I have been reading through some of the 13th Age rules on combat and I was particularly interested in the way that system handles combat range. While I am loving D&D 5e, tracking distance and positioning can be quite a pain sometimes, and often times when I am trying to describe the scene players will ask me to draw out the locations of the enemies. If I can simplify the way range and adjacency are determined, I suspect it will help to make combat much smoother.

I don't want to adopt the entire combat system, just the way positioning is handled. I don't want to modify opportunity attack rules, the action economy, or anything else of the sort. I'd like to retain as many core 5e rules as possible, and adapt them to work with similar 13th Age mechanics (such as the 'Intercept' action, which I imagine would translate to Opportunity Attacks in 5e).

My question is, how can I integrate the 13th Age range system into 5e? What problems might arise from this, and how can I solve them? How might area of effect spells, ranges, and move speeds be accounted for when abstracting distances to broad categories rather than 5' increments?


1 Answer 1


I run D&D 5E combats describing distance in multiples of 30 feet, calling these "moves". Most spell/weapon ranges are in multiples of 30 feet. I made throwing weapons (normally a range of 20/60) have a range of 30/60 for simplicity. Since 5E doesn't have concepts like "5 foot step", the approximation is OK.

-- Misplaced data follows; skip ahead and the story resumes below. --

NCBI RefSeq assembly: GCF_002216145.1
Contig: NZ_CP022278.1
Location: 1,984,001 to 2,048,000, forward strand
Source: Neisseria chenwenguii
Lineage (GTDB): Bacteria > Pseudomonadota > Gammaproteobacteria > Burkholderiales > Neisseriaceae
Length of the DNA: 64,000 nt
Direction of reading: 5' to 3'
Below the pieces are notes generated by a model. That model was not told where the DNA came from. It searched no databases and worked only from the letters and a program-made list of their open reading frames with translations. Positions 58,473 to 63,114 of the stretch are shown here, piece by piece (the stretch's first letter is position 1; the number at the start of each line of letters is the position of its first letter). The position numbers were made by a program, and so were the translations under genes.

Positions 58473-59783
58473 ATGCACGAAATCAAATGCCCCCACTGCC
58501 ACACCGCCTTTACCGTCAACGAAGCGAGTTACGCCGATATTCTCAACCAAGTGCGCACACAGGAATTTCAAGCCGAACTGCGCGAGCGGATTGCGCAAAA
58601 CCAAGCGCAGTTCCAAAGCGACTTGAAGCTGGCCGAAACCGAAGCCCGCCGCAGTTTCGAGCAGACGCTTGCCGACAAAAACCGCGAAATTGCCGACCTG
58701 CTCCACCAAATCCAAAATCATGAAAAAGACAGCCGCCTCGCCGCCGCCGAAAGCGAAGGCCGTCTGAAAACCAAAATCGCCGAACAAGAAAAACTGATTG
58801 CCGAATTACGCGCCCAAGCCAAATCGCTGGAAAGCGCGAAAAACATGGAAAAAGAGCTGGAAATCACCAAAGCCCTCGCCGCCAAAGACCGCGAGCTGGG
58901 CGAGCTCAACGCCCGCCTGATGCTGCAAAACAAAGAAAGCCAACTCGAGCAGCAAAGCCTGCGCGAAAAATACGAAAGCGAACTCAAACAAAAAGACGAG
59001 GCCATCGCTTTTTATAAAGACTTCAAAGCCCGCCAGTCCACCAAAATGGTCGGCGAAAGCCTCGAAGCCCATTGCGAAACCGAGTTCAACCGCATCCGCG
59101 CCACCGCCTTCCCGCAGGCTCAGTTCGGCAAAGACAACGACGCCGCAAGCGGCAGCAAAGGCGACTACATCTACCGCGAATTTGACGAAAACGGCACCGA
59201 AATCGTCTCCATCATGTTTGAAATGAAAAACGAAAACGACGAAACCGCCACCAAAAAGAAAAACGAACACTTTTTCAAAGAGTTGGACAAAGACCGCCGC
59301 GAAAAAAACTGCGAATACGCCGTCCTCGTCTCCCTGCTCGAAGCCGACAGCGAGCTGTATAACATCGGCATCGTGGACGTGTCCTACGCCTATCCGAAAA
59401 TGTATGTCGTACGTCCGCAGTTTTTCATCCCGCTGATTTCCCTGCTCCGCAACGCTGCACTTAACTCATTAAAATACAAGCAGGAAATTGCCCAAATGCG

"The archers are two moves away." - means PCs have to spend 2 rounds moving to get into melee range.

"Fireball has a range of four moves and hits everyone one move from the center."

It worked out fine. It sped up combat while still giving us some tactical play. If my players want more precise tactics then they ask for a grid, which they do in maybe 2/3 of combats.

Dwarves get the long end of the stick in this system, though, since normally they can move 25 feet in a round, not 30 feet. That's OK. Nothing says that a "move" has to be exactly 30 feet.

  • 5
    \$\begingroup\$ How do you handle characters who have faster movement (monks and wood elves come to mind)? It may be okay to give the dwarves a leg up, but it seems almost punitive to take away the monk's speed. \$\endgroup\$ Commented May 19, 2016 at 5:19
  • \$\begingroup\$ That sounds like a job for (dis)advantage. A dwarf's action has disadvantage when they move and act, since they have to "hustle" to cover the last 5', while a monk/barbarian/wood elf can "take their time" to cover the distance. \$\endgroup\$ Commented May 19, 2016 at 14:38
  • \$\begingroup\$ Or, alternately, ignore move speed while in combat. It matters more in a chase scene and for overland travel. Combat is too quick and crazy to worry about specific speeds. \$\endgroup\$ Commented May 19, 2016 at 14:53

You must log in to answer this question.

Not the answer you're looking for? Browse other questions tagged .